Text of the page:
‘It’s OK right now to not be OK’ – A peek inside mental health care in the world of WKU Athletics

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Credit: Steve Roberts/WKU Athletics

Dr. Joseph Case is a sports psychologist and the director of TOPCARE, a program that provides WKU student-athletes with resources to help tackle mental health issues.

Jake Moore, Sports Editor

As WKU students and athletes return to the hill after a turbulent 18 months, it’s important to keep in mind all the pressures and stressors everyone has been facing.

Athletes and their mental health has become a national story in recent years. Simone Biles’ decision to withdraw from the women’s gymnastics final during the 2020 Tokyo Olympics to prioritize her mental health came as a shock to many.

From an outsider’s perspective, Biles is an athlete at the peak of her athletic ability who was on track to add more gold to her collection of medals – why would anyone step away from that opportunity?

There is a simple answer. Mentality is everything for athletes, and mental health is equally as important as physical health. Dr. Rick Grieve, a psychology professor at WKU who helped develop a mental health screening method for student-athletes, broke down how the physical and mental must coexist.

“We like to think athletes can tune out outside distractions when they hit the field, but, more and more, we are finding out that is not the case,” Grieve said via email. “There is an old Roman saying, ‘mens sana in corpore sano’— a sound mind in a sound body. We have to have both in order for athletes to perform at a high level.”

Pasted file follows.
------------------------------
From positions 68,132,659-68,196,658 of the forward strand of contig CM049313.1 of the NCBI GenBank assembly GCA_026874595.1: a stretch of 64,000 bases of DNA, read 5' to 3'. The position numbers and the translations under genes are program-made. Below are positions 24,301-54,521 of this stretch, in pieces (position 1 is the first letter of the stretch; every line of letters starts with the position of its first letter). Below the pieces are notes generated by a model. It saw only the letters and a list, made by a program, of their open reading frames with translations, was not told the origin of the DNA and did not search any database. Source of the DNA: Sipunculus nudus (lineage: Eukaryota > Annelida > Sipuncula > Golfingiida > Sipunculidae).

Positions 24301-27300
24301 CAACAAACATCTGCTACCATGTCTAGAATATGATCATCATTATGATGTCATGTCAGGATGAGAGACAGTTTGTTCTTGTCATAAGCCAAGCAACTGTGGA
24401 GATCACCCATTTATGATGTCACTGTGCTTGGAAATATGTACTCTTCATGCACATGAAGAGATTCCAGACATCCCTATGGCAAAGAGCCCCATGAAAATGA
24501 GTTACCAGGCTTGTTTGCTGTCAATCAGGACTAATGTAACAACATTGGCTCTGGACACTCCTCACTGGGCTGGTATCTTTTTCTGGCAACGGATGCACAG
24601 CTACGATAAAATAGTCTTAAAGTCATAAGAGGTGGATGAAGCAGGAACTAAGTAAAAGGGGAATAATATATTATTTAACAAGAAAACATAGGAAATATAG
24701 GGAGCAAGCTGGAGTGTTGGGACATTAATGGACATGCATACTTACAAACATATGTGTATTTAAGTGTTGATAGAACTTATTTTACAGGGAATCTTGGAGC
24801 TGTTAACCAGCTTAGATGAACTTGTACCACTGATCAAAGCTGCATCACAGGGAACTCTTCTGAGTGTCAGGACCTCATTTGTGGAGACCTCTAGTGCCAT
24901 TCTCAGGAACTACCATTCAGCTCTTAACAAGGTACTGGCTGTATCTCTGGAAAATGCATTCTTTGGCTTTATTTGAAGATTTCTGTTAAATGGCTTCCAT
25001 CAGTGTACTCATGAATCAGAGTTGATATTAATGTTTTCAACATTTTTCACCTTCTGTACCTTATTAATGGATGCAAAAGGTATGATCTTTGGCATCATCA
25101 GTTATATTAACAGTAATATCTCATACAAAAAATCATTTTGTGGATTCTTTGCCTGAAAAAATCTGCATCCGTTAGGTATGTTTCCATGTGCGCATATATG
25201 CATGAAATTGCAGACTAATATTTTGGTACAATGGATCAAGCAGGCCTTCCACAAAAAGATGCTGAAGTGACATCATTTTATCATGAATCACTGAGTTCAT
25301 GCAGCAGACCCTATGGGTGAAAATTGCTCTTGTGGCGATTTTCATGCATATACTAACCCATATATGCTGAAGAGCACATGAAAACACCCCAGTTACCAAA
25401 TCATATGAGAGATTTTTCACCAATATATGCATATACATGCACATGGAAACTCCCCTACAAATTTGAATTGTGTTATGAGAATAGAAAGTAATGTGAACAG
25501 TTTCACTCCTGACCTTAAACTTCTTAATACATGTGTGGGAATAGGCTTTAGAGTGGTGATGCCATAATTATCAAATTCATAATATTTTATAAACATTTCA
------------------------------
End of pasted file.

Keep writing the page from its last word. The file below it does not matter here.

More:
This sentiment is the reason why trainers and coaches have begun to turn to professionals in the realm of sport psychology in order to better care for their athletes’ mentalities – a side of sport that fans don’t normally get to see.

For WKU Athletics, that professional is Dr. Joseph Case, a sports psychologist and the coordinator of TOPCARE. TOPCARE is a program that offers WKU student-athletes resources for a variety of mental health issues, from wrestling with perfectionism and fighting academic stress to eating disorders and depression.

“It was once believed that athletes, because of their participation in sport and other social benefits, somehow they had some kind of immunity to mental health concerns,” Case said, addressing why there is such a need for a program like TOPCARE. “What we’re seeing now is the recognition [that] the research is finally catching up to what’s really happening.”

Case is hopeful that the stigmas surrounding mental health will continue to dissolve, noting how in recent years he’s noticed an uptick in athletic personnel seeking out his department’s services. Case also expressed his gratitude to WKU Director of Athletics Todd Stewart and President Timothy Caboni for supporting the program as it grew.

“The level of buy-in across campus and across programs has been phenomenal,” Case said. “On the student side the stigma is still there. I don’t know if it’s due to more and more athletes coming forward or professional elite athletes speaking about their struggles, Kevin Love comes to mind… more athletes are willing to step up and seek help.”

“We’ve had a footprint in every single program, some more than others,” Case shared.

Case made it clear that athletes shouldn’t shy away from seeking help for mental health problems – it’s better to address your health as soon as possible rather than putting it on the back burner until you’ve already become overwhelmed.

“A lot of times we treat mental health or sports psychology like it’s a fire extinguisher,” Case said. “We wait until there’s a big fire, then we pull the alarm and try to put the fire out… but we don’t have to wait for the house to be on fire before we do something.”

Case urges the WKU community to take into account the pressures that people are under due to the COVID-19 pandemic, preaching patience and understanding.

“As a community right now, try to continue having grace and empathy and just try to remember the person behind the performer,” Case said. “Just normalizing that it’s OK right now to not be OK.”

Sports Editor Jake Moore can be reached at [email protected] Follow him on Twitter @Charles_JMoore.